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« Eternal Rest Grant Unto Her, O Lord | Main | Look Who's Five! »

May 29, 2008

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I'm still with you. ((hugs)) It seems that mothers with children who were adopted carry an extra burden of concern about everything. I struggle with it almost everyday. Is Cate's bad behavior and food issues related to adoption or temperament. My Si will have speech delays for sure. At 20 months he does have a few words but not much. He is bright and happy when we give him what he wants otherwise the speech limitation frustrates him for sure.

Rock on with the binky. Strange that both my Chinese children refused the binky. I would have done anything to give them comfort at the time no matter what doctors say. But I must say, I am glad it is one less thing I have to worry about.

The photo is adorable.

I just saw this yesterday on Maureen Wittmann's blog, about home-based speech therapy for homeschoolers:

http://maureenwittmann.blogspot.com/2008/05/home-based-speech-therapy.html

Wasn't it Einstein who didn't speak until he was five, then in whole sentences? I will say a prayer for Binky-Boy.

All my kids, save one have used the binky and none of them had speech problems. In fact my almost 2 year old is quite fluent for her age and still uses her binky.
As for the speech delays, I am not sure how old your babies were when you brought them over from Korea, but from what I understand about language development (which is not a lot, lol)it would make sense that they would struggle because they had been exposed to a completely different language for the first months, if not more, of their life. I took some lingusitics in college and we learned of the importance of the first year on language development. They even said that a child who lived in a foregin country and was exposed regularly to a foregin language, even in infancy, would have a much easier time picking that language up when they were older because the brain has already processed the sounds asociated with that language. I woudl imagine this would also hamper learning a different language at a young age. I hope that made sense, chaos is errupting around me!!!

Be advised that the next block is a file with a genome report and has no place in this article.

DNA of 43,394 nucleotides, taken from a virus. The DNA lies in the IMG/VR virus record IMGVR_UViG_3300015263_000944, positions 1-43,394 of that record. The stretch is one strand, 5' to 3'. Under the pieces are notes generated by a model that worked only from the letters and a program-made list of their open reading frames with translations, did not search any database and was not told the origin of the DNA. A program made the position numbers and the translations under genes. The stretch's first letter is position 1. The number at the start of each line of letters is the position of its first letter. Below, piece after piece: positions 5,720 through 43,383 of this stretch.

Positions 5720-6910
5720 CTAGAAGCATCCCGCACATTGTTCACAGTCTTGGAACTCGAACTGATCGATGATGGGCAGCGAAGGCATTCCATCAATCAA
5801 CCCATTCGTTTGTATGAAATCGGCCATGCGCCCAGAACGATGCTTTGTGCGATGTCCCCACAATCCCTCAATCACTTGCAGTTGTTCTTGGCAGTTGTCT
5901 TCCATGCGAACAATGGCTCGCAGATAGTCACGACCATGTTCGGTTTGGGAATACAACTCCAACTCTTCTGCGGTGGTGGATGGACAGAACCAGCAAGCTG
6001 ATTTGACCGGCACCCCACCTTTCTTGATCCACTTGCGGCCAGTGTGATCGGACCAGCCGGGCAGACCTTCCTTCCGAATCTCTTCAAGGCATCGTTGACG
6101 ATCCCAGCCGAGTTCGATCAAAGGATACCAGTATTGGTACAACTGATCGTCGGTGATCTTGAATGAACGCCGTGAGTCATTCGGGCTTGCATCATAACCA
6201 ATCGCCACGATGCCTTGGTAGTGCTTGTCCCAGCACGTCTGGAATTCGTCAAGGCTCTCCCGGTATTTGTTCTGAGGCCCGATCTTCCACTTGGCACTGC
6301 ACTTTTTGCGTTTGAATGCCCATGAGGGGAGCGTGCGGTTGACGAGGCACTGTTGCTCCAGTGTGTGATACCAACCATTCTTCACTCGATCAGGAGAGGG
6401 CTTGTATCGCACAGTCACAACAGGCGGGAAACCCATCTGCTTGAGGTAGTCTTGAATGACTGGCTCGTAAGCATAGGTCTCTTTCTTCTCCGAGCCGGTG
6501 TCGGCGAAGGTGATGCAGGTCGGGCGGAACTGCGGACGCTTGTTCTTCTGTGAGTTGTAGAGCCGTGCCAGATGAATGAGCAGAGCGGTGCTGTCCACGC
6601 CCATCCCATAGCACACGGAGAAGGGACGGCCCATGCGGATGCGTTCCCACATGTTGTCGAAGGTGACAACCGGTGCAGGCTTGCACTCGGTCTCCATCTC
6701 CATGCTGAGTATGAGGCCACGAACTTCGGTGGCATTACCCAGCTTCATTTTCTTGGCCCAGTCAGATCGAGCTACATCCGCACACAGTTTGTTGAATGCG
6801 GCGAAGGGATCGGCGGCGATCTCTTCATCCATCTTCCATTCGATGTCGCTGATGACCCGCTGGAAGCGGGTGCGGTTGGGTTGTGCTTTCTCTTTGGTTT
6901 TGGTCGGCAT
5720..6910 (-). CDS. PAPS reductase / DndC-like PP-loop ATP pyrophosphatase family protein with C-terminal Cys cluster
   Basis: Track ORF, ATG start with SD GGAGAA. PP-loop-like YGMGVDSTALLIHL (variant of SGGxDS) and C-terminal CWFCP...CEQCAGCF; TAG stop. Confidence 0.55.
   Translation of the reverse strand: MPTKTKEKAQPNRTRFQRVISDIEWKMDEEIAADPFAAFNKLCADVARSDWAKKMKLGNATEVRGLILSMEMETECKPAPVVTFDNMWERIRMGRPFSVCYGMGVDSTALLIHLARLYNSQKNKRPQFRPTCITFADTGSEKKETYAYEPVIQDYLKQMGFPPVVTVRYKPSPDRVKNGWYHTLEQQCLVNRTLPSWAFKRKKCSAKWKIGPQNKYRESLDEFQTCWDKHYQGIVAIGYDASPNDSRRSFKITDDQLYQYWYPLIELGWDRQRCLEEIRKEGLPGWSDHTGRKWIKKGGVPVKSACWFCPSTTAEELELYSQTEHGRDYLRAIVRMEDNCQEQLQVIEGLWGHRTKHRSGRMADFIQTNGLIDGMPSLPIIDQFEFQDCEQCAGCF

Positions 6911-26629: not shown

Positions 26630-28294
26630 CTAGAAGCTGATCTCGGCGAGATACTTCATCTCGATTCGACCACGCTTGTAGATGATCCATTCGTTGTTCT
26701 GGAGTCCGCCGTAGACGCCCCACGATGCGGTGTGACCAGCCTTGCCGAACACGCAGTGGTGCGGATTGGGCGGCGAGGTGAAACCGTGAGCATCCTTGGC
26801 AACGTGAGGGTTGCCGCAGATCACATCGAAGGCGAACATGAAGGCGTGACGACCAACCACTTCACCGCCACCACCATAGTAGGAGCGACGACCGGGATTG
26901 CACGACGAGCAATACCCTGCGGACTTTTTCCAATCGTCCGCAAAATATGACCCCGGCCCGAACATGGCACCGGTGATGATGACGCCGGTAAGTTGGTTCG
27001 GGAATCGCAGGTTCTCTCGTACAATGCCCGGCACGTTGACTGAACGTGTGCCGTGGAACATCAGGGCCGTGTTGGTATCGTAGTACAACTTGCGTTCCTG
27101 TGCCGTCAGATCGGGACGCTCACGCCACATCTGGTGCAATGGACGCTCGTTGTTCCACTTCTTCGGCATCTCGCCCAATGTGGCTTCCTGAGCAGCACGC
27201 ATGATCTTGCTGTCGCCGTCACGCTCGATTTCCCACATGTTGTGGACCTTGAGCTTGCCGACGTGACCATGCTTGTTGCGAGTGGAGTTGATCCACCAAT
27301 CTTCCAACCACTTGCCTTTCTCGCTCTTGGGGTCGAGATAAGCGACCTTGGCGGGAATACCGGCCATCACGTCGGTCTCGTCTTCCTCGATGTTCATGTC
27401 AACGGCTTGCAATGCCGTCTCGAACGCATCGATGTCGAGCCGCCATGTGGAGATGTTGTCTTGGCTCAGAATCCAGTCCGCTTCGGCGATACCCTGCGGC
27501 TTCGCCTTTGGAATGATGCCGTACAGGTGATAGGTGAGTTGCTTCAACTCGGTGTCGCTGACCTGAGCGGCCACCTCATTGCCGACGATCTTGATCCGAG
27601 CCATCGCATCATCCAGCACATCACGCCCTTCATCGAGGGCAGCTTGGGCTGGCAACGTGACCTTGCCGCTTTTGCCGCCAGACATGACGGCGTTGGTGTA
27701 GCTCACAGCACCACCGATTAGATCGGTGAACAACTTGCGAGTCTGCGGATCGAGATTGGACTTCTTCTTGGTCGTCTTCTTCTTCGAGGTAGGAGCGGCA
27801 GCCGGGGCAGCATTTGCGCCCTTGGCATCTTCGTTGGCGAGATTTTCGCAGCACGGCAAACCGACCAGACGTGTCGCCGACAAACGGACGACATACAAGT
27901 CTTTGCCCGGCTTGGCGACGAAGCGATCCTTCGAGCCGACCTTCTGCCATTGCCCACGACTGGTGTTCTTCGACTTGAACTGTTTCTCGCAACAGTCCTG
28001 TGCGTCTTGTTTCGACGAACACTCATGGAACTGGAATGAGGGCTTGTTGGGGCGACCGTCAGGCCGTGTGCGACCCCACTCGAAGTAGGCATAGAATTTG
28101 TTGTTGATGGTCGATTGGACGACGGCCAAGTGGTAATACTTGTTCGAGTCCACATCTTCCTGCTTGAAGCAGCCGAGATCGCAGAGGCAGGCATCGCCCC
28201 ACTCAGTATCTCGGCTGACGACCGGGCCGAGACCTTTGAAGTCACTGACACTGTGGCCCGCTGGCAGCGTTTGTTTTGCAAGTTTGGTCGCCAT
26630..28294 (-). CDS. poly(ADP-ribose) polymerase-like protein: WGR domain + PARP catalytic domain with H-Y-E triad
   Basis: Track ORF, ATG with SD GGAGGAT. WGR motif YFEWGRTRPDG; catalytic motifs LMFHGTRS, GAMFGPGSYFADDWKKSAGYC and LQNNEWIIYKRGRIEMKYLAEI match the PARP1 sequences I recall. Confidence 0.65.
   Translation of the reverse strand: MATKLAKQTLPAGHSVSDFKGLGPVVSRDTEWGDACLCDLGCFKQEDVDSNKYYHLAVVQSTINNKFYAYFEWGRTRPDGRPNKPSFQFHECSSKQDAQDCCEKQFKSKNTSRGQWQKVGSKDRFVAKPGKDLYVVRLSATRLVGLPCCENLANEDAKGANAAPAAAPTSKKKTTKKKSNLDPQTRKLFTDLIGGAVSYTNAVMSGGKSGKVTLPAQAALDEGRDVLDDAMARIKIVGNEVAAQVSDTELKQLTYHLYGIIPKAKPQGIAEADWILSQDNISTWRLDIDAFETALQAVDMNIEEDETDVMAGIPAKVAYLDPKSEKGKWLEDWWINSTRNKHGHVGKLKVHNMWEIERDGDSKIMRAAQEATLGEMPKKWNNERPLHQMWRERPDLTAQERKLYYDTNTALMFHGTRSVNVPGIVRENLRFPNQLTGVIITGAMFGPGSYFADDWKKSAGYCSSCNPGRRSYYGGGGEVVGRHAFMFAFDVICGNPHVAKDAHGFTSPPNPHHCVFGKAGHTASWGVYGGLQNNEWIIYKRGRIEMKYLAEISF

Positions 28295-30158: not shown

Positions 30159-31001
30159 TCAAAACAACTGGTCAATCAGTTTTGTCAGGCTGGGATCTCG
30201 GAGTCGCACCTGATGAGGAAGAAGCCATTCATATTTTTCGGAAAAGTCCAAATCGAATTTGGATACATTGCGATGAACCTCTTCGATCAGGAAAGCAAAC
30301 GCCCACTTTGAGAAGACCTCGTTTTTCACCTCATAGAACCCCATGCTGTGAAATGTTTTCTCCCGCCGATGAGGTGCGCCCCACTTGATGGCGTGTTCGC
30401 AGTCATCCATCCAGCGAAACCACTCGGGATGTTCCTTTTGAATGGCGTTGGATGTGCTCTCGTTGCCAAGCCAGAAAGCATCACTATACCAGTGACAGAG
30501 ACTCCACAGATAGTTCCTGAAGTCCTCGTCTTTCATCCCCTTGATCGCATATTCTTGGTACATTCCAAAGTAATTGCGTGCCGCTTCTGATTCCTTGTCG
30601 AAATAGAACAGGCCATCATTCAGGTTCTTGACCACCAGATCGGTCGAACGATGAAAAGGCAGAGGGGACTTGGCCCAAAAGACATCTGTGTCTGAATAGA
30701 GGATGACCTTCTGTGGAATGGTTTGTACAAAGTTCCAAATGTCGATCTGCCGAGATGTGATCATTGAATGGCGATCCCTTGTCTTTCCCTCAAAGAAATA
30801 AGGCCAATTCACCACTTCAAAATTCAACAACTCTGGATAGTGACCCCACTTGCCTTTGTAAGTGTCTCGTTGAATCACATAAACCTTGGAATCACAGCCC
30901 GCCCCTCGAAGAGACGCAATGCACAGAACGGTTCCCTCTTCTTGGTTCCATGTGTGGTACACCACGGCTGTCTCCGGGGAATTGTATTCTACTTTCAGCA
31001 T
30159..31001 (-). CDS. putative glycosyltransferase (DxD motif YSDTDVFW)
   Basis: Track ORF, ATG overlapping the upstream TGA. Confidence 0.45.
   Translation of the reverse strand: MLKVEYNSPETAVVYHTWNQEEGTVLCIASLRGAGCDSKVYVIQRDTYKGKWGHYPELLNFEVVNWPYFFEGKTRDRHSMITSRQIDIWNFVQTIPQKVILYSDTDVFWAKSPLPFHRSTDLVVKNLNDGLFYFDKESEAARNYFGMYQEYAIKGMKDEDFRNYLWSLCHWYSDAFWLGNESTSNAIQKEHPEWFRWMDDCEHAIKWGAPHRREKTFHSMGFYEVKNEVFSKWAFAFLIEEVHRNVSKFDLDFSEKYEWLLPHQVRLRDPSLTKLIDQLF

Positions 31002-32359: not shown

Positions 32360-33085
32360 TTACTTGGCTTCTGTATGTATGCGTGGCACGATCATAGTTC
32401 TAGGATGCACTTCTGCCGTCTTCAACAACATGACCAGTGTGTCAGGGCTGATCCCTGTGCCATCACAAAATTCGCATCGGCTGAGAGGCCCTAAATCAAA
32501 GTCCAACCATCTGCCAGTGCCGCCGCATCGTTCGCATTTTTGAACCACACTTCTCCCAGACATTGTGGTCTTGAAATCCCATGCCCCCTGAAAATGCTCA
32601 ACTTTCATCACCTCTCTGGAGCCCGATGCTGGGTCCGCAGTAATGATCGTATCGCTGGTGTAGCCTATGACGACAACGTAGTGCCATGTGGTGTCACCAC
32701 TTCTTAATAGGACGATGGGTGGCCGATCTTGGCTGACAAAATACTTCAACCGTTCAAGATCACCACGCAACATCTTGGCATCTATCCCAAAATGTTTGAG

Anyway, do not let your doctor make you feel bad about a binky. Thumb sucking can be much worse!

I understand...Though the three boys would never use one (and how I tried!) and Marianne sucked her 3rd and 4th fingers, Laura (the oldest) was the one who latched onto the pacy...She had it until she was almost three. We were in the Army at the time and we moved so often in that 1st three years that that was about the only thing that didn't change. Then one day we lost it...we looked for it...then off she went to play and didn't ask for it again...I think that sometimes they know when it's time to put it away for good...Good day to you!

(((hugs)))

My Sebastian is 2 and a half and says hardly anything. He makes sounds, but there's no words except a few ...

We had a very bad experience with Miguel and speech therapy, though, so I'm still thinking we'll be able to do it on our own. Miguel is totally understood now at six, but he had a rough road up until he was four ...

He tends to slur when he talks too fast, but the crazy, crazy part is that in California, the accent IS to mumble. I'm constantly being driven crazy by teen boys and college boys ... OK, and men ... who mumble.

Argh.

Hi, Ei! I am hunting around for your pie crust recipe blog entry. Could you send me the link. In looking for it, I spend an awful lot of time reading your other interesting blog entries!! Like this one!
I saw an article the other day -- darned if I can remember where -- that says newborn babies have an inflection in their cry that imitates the language they heard while still in the womb. So they are being prepared to learn a language even before they are born. You had said while you were here that going from Korean to English at 8 mos old was probably a contributing factor to the speech delays, since kids are learning to put sounds together by that age. But think -- he was already putting some Korean sounds together by the time he was born. Amazing!
Anyway, he sounded great while he was here, and we loved having you!
Love,
Theresa

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  • We are a Catholic homeschooling family of 7, a blend of step children, bio children and adoptees, making our way to heaven the best way we know how! Here's a record of our journey, with thoughts on anything we care about--mostly homeschooling, faith and finding a way to make it all work for each of us. Thanks for stopping by, and enjoy your visit!

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